Thought Leadership

Brands are increasingly comfortable producing phone-shot content, quickly reflecting back the aesthetic of social media to its users. But, does shooting on a phone in of itself signal truth to audiences any more? And, what role do production values play when everything starts to look the same? In this piece, Dan Keefe, Head of We Are Social Studios, explores just that.

Not too long ago, in the days of TV-dominated advertising, brands would produce professionally made 30 second films explaining why people should choose them over their competitors. They differed in style, function and effectiveness but they more or less all shared the feeling of a corporation speaking to its potential customers. Everyone knew where they stood.

With the passing of each new dominant social media platform, this dynamic has gradually dissolved. Brands now present as people; using chummy language, sending you memes and sending jibes to their competitors. The increasingly splintered content landscape gives them a direct line into culture and into consumers who in turn present themselves as brands. Authenticity has become currency in the battle for relevance.

And for the most part, it works. It’s the reason that influencers, creators and user generated content are particularly popular: they enable brands to deliver their message authentically, with the safety in distance that’s created by the involvement of a third party. It only takes a quick scroll before you come across an ad filtered through the lens of influence. The content itself can also reflect the visual language of users too; Apple know that audiences will engage more with images that were #ShotOnAniPhone than content they shoot themselves.

Image credit: Apple

As a consequence, phone-shot content authored by brands is becoming normalised across all channels, quickly and inexpensively reflecting the aesthetic of social media back to its users. This aesthetic itself has become a byword for authenticity and therefore engagement across agencies and marketing departments alike.

But does shooting on a phone in of itself signal truth to audiences any more? And what are the unintended side-effects homogenising the apparatus by which content is recorded? How do you avoid becoming wallpaper as a consequence of trying to fit in?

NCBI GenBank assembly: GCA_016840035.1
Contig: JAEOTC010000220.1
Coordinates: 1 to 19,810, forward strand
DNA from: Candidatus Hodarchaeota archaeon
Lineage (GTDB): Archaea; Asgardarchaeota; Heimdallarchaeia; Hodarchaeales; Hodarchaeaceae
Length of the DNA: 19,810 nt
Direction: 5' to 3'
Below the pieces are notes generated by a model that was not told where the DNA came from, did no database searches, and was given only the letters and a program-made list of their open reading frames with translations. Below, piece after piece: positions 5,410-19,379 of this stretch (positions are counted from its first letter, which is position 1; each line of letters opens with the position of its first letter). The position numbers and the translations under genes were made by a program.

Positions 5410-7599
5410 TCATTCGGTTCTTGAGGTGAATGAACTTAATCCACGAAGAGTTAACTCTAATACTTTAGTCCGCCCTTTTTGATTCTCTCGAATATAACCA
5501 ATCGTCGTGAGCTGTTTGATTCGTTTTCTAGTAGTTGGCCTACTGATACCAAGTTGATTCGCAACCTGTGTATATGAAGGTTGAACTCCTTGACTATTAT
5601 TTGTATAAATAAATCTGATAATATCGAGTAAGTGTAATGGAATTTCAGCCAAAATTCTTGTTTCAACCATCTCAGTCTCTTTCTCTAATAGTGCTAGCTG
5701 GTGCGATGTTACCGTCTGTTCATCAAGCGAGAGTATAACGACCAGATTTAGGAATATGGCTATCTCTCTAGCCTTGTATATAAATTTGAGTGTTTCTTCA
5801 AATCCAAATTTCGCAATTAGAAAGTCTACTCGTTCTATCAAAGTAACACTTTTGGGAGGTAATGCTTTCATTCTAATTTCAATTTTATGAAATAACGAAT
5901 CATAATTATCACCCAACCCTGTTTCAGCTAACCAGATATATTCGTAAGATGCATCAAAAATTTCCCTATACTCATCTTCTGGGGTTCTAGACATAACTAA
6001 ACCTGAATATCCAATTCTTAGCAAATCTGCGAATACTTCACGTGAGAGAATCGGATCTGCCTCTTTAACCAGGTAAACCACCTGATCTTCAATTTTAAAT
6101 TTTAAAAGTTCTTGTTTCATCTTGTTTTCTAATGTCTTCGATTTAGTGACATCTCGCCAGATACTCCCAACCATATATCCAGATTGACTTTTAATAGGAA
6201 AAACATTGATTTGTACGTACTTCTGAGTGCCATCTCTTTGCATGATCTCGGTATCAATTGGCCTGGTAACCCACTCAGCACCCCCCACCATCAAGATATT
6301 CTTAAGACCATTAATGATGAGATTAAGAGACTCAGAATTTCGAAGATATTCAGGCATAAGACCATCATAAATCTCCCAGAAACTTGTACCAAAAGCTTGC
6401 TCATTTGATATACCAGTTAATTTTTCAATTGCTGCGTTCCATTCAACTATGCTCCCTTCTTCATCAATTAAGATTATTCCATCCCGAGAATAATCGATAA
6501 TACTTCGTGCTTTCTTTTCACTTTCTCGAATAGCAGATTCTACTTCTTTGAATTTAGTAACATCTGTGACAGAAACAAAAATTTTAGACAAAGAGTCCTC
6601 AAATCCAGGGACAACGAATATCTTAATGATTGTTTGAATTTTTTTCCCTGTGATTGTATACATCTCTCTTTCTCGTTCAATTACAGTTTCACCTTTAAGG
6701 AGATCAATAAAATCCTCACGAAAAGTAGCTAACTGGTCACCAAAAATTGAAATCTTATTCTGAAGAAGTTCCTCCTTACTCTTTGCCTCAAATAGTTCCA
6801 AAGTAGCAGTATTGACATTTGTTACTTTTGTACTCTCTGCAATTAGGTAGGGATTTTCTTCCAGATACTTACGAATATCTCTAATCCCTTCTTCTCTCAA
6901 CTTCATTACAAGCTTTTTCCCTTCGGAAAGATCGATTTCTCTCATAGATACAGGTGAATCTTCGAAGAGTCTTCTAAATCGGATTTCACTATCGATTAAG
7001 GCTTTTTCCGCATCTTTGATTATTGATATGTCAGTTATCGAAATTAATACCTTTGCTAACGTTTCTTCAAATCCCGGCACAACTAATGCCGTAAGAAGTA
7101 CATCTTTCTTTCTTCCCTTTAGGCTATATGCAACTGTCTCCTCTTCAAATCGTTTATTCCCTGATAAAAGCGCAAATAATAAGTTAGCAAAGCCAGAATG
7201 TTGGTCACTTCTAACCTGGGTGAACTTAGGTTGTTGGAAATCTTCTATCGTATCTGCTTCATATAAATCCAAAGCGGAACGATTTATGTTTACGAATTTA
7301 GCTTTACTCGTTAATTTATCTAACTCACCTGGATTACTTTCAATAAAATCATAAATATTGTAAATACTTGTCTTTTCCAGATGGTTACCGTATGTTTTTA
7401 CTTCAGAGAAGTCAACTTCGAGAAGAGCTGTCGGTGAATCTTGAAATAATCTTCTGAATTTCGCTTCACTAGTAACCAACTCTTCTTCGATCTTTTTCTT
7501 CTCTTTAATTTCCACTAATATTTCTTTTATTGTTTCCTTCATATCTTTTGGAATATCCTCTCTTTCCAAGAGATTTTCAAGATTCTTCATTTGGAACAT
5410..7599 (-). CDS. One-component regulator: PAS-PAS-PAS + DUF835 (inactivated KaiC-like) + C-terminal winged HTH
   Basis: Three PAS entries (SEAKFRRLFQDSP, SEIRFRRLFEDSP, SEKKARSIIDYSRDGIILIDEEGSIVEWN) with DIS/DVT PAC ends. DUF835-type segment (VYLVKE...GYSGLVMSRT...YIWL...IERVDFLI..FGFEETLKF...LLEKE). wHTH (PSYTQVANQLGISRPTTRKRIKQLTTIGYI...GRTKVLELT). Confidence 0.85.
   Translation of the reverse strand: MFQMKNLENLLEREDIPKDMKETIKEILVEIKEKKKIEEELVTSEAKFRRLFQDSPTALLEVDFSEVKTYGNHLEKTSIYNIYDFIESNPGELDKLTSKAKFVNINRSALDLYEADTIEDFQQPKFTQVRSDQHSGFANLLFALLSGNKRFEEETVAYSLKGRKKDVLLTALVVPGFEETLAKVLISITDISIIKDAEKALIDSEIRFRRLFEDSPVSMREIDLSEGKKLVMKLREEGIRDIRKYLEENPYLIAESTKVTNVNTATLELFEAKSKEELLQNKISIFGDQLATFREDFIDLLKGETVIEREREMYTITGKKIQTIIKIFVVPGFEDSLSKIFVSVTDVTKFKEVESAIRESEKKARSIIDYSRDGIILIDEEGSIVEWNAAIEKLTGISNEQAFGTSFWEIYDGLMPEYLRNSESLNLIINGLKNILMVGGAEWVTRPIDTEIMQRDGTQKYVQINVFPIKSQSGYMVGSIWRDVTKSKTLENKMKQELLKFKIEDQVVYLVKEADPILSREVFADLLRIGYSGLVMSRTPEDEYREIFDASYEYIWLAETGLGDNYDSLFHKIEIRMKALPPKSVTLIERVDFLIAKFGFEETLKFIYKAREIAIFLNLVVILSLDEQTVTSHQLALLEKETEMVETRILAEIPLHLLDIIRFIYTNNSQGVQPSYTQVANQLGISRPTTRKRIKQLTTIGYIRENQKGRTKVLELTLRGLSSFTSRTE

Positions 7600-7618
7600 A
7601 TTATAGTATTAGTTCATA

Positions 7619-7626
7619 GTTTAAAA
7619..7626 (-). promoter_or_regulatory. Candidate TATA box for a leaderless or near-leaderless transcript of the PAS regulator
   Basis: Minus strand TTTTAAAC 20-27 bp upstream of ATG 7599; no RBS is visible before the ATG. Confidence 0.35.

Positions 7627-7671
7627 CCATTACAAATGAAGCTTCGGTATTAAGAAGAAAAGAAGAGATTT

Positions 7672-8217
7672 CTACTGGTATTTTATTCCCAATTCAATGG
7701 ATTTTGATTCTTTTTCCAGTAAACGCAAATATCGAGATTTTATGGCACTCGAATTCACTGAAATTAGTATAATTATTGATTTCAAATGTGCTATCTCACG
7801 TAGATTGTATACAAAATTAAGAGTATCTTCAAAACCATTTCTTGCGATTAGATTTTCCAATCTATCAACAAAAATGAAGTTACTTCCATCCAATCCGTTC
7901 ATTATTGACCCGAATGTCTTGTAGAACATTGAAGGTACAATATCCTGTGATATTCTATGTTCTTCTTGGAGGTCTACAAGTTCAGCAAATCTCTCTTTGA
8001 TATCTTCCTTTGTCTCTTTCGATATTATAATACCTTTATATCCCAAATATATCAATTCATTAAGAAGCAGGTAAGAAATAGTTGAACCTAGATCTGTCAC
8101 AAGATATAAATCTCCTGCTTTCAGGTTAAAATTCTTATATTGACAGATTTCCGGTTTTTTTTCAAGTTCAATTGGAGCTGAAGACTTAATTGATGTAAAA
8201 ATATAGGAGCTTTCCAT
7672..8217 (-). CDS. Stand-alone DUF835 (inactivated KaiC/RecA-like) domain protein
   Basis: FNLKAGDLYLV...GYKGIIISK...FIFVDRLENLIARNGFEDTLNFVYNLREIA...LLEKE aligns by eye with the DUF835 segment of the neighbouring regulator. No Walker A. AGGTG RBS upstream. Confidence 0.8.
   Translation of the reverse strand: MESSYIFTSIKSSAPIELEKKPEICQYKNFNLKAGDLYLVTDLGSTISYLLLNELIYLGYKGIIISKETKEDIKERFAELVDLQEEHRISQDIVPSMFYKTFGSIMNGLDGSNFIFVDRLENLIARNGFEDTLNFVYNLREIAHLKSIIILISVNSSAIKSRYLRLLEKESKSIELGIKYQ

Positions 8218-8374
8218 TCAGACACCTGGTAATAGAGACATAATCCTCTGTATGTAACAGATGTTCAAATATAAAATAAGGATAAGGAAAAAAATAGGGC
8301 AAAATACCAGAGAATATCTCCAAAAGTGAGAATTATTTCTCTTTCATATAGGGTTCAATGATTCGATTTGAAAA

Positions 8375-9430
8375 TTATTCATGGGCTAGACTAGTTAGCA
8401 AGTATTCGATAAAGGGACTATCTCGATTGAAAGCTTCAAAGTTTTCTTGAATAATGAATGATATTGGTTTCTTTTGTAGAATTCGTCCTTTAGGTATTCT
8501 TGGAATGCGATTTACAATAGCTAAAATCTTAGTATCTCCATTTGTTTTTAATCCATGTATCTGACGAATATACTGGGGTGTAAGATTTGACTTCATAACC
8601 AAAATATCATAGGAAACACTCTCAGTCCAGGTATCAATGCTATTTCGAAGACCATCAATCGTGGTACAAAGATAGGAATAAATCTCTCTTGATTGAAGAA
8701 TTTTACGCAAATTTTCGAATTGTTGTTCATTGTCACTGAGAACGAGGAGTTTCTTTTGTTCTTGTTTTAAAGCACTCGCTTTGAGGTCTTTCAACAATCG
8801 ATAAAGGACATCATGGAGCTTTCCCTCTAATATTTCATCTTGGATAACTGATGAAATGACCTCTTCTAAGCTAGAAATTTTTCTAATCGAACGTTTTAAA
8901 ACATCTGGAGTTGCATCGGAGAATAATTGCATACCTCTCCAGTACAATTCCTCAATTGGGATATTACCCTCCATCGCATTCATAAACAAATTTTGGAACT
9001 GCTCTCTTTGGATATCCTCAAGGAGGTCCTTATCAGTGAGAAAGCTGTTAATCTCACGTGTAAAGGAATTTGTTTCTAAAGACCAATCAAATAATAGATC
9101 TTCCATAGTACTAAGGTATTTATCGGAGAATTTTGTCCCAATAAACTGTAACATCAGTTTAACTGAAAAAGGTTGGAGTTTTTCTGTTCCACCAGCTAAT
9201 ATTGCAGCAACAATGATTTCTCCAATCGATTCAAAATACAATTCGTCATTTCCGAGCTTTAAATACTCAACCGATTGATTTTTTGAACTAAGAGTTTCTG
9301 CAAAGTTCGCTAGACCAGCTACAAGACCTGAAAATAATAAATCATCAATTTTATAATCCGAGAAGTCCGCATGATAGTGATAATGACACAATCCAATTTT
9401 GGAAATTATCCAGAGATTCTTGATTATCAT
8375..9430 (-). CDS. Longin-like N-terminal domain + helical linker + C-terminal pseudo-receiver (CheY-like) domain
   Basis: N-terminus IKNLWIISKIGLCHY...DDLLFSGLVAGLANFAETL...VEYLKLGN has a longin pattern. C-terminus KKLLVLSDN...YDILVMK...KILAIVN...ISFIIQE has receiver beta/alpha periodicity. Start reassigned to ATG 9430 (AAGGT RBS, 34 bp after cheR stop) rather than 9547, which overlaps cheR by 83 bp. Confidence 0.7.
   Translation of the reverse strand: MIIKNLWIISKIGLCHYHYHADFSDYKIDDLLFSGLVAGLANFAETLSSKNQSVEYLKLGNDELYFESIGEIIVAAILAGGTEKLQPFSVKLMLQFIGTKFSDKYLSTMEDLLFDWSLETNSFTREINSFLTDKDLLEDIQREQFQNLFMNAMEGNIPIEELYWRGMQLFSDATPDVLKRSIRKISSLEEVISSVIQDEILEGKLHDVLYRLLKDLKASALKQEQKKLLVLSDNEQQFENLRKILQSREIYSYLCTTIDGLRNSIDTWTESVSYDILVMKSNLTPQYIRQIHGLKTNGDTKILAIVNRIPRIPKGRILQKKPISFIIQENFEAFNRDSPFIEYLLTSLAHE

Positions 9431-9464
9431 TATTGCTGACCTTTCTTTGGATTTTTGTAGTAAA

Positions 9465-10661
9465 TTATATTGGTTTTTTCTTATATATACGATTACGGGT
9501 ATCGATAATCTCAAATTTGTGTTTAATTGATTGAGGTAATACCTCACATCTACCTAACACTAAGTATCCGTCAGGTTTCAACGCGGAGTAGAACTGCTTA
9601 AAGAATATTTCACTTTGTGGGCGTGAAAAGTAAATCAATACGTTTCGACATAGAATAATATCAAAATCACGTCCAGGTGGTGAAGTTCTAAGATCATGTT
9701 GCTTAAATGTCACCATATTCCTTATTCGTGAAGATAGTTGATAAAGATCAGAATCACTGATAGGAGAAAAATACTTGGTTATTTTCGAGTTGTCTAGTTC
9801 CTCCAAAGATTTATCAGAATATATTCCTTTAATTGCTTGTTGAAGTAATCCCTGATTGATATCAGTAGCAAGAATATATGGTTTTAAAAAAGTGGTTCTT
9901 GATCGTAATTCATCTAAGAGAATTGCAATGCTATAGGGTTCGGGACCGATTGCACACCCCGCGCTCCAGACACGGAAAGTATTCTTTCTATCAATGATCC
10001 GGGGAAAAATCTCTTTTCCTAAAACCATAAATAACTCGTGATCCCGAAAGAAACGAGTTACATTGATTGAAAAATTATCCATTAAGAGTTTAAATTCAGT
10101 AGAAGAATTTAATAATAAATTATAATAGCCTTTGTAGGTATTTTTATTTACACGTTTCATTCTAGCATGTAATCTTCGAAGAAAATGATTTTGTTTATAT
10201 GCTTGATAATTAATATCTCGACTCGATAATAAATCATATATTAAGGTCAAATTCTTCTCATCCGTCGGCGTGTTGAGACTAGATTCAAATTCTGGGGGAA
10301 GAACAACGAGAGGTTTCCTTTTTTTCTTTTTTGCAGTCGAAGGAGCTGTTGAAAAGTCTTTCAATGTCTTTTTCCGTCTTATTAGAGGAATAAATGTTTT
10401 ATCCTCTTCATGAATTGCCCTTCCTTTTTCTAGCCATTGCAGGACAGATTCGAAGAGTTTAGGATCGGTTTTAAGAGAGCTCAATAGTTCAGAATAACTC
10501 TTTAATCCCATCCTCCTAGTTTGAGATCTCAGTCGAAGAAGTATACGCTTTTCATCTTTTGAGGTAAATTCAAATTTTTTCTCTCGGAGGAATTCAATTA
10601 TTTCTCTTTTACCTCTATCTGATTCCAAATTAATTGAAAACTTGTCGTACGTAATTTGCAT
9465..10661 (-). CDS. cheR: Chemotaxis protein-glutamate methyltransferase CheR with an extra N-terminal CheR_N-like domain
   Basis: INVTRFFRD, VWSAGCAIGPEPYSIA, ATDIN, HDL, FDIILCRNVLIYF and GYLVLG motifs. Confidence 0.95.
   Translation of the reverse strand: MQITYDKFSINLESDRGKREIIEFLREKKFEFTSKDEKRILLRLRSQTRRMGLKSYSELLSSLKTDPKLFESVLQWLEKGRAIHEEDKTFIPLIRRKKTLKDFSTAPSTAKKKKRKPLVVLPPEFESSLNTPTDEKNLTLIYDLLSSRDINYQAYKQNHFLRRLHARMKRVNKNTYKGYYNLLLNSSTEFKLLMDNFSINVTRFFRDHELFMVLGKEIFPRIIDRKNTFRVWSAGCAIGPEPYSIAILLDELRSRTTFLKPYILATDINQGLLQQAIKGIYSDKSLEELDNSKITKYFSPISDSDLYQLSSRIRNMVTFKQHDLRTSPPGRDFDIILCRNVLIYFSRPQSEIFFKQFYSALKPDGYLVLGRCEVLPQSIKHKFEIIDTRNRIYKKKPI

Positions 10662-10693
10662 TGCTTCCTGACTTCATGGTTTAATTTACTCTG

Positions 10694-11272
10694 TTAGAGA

This is where production values still matter. Not in the sense of things looking ‘good’ or ‘bad’, low-fi or premium, but more nuanced considerations: lens choice, camera movement, lighting, performance, sound, editing and so on. Without taking time to discuss these, we lose the ability to pull the different levers that impact how audiences react. Creativity is stifled and feeds are flooded with content that all looks and feels the same.

A phone camera has a visual language of its own. They’re not low-fi any more – the quality is, at a glance, comparable with some ‘prosumer’ level cameras. It is designed around a distinct aspect ratio, it comes baked in with a colour balance and it has limited functionality with few controls. The main difference is that it subconsciously implies a sense of authorship; you feel the presence of a person behind the camera in a way that you don’t with dedicated camera equipment. If that serves the creative approach, then it’s the right choice. If it doesn’t then you’ve probably got much better options available to you, even with limited budgets in mind.

On projects where these kinds of production value considerations aren’t being addressed in the form of a director’s treatment or a producer’s scoping phase, agencies need to make sure that it’s still happening as part of an updated process within their teams, guided by production departments whose expertise lie in this area.

It is a legitimate concern to suggest that this approach might feel less socially native, causing people to skip past it like TV advertising. For a while I think that’s been somewhat true, if overly simplistic. But we’re now heading towards an aesthetic and budgetary race to the bottom. An inevitable backlash against this type of content and a rejection of brand personification amongst audiences is coming our way.

If brands want to interact with the public on social media, they don’t need to be our friends. They just need to be more entertaining than the next available option on the feed.

Image credit: TikTok

This isn’t at odds with platform recommendations. TikTok tells us to make TikToks, not ads, but there’s nothing to say that these can’t be visually arresting or unexpected in appearance. In the battle for attention, those who base their creative decisions around the intended impact on the audience, resisting prioritising the lowest possible production cost, will win.

The idea of branded entertainment has seen a few false starts over the years, but perhaps we’re finally entering a time when platform habits are making it possible for brands to engage in more varied and inexpensive ways, with lower risk and higher rewards. It’s not an easy thing to get right, and poor quality content will still sink without a trace, but it’s the job of agencies to help them get better at it.

The recent trend for FOOH (faux out of home) ideas worked because they were simple and entertaining, blending phone camera filming aesthetics with carefully crafted CGI. This approach then evolved into ideas such as the adidas Running ‘Adizero Pro Evo 1’ murmuration and floating shoe teaser films. But once it’s been done a few times, the entertainment value drops and it’s time to work out what’s next.

Things move fast these days and appetites change quickly. In the post-authenticity era, brands will need to start refocusing on old fashioned values of standing out rather than fitting in to avoid getting lost in the considerable noise.

This piece originally appeared on Creative Review here.